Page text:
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Winning on my own terms


Anesta Henry

Winning on my own terms

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SHAKERIA MAYNARD believes that in life a lot of people just exist when they should be living. But she has decided that she does not want to have a boring eulogy.
So she is bent on being the best she can be while on earth. And the manner in which she handled herself on the way to winning Miss Holetown 2011 last Sunday night was a perfect example of the 20-year-old living her life to the fullest.
Maynard, who was sponsored by Bajanfuhlife, said that during the night of the pageant, her “state of mind was probably the worst” because things seemed not to be going her way.
“But my philosophy is when life gives you lemons, make fruit punch. How or why? Specialize in the impossible,” she declared.
“The other contestants could tell you that I had no sleep the day before [the pageant] because my state of mind was probably the worst. The night before the pageant I was rehearsing in the middle of a car park in St James because we were staying at a villa in the area. Then after rehearsals I had to go and rest because I had to get to my hairdresser for 5 o’clock in the morning.
“Then, I couldn’t sleep so I stayed up and started to get so worried that I went and I woke up the queen [Miss Holetown 2010 Sakina Alleyne] and Ashley Simpson [another contestant] and I said to them I need to pray. I fell asleep for half an hour and then it was time to go the hairdresser. From the hairdresser I went back home and then it was time for grand rehearsal and after grand rehearsal it was time for the show,” Sunday’s queen recalled, admitting that she was speechless when she was announced as the winner.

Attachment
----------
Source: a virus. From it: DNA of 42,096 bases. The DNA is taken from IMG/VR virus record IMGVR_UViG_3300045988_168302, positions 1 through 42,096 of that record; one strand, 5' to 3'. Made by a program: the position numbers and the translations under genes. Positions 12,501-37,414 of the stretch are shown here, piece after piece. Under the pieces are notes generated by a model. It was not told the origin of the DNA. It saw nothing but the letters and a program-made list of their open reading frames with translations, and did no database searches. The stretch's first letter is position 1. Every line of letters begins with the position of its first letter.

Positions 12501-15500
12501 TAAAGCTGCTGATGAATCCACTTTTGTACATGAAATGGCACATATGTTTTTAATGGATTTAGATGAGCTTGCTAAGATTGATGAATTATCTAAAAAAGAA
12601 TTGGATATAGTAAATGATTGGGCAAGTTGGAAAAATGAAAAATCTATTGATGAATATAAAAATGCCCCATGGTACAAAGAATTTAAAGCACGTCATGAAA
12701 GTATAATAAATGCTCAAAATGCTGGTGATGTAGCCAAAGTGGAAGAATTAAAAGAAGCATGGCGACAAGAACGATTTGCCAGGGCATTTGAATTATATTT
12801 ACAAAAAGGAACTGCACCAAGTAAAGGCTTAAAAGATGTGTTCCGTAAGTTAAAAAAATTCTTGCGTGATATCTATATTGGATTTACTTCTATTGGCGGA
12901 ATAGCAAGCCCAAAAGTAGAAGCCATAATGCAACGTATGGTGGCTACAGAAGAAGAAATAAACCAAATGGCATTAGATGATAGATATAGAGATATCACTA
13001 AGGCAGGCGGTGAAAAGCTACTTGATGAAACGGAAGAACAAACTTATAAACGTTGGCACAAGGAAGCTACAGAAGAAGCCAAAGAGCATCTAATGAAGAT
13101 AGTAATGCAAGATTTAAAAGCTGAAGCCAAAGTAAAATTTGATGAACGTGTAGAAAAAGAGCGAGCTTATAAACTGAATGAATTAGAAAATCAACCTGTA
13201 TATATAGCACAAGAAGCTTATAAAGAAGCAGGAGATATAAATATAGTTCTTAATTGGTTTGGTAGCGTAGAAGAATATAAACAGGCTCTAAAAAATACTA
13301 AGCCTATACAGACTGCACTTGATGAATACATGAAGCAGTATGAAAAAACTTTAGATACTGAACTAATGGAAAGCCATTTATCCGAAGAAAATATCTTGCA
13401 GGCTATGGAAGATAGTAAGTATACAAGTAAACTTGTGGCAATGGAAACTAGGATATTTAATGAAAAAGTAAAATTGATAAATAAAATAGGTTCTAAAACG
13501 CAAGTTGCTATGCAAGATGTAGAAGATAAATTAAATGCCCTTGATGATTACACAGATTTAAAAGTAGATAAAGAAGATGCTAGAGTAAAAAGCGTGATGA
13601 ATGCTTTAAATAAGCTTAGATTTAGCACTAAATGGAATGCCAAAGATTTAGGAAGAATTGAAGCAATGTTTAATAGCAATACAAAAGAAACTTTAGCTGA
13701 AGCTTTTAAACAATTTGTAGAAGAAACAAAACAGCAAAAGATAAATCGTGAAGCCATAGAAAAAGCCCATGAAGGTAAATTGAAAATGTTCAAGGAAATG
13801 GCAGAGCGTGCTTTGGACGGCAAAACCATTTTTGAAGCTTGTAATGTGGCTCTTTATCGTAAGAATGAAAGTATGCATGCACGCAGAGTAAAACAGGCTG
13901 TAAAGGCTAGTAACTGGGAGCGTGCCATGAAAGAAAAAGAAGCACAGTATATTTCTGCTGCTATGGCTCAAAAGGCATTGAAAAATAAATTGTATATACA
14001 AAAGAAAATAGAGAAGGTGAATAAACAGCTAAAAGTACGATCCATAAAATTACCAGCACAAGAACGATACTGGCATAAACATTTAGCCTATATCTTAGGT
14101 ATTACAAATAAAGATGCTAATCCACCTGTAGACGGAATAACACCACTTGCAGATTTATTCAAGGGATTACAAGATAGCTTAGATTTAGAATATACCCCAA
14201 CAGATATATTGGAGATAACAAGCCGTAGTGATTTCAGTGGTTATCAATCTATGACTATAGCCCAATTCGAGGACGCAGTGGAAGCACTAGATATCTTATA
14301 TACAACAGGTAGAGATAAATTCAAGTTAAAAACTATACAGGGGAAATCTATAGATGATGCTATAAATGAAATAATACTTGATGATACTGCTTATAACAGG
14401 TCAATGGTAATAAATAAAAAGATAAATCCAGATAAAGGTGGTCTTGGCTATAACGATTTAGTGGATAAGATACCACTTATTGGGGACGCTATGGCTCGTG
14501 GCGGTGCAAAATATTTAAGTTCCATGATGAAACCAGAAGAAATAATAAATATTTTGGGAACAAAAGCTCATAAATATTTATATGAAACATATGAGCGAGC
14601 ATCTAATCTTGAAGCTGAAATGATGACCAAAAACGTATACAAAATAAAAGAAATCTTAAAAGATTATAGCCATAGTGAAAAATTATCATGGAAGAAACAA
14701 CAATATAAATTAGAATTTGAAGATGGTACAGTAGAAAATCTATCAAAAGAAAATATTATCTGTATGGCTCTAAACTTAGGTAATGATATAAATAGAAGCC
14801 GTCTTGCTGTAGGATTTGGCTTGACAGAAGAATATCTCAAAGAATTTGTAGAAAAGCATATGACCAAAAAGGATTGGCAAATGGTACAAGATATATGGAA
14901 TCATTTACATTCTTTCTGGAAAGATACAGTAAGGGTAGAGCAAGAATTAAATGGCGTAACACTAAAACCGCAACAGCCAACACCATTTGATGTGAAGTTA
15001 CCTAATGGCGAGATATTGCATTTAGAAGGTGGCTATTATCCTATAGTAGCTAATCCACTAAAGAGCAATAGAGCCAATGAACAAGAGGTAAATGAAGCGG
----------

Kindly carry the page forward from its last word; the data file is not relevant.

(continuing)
Maynard, also the winner of Miss Teen Barbados 2009, told WE MAGAZINE that the quote “Find your passion and let it do good things to you, for you and because of you” inspired her.
Indeed, her enthusiasm for drama was very evident on Sunday night when she immersed herself in her character and captivated the crowd during her dramatic presentation Bajanfuhlife, with which she won Best Talent.
“When I am in character, I am in character. I forget Shakeria, I forget school and I am in character. On that night I was a distraught wife who got up out of her bed and found that her husband was not there and his clothes weren’t in the closet.
“So the first thing I thought to do was to frantically run outside and see where he had gone and he was outside on a drinks crate sitting down with his suitcase packed. Due to the economy and the climate changes, he wanted to leave the island as if where he was going things would be any better,” said the third year psychology student at the University of the West Indies.
Maynard is not only a student. She also works part-time, is a football player and showcases her drama skills at local events. She has a tough schedule, but she knows that being a successful individual requires time management skills. 
“I told [fellow contestant] Shakira Boxill that we come here and look at each other and we only think about looks but a pageant goes deeper than that. You have to exhibit a certain level of intelligence and a certain level of skills.
“At the end of the day no matter care how pretty you are or how good you can walk, if you can’t speak, you can’t get your points across. And you can’t be a good ambassador for your country or for anything without intelligence.”
 
 

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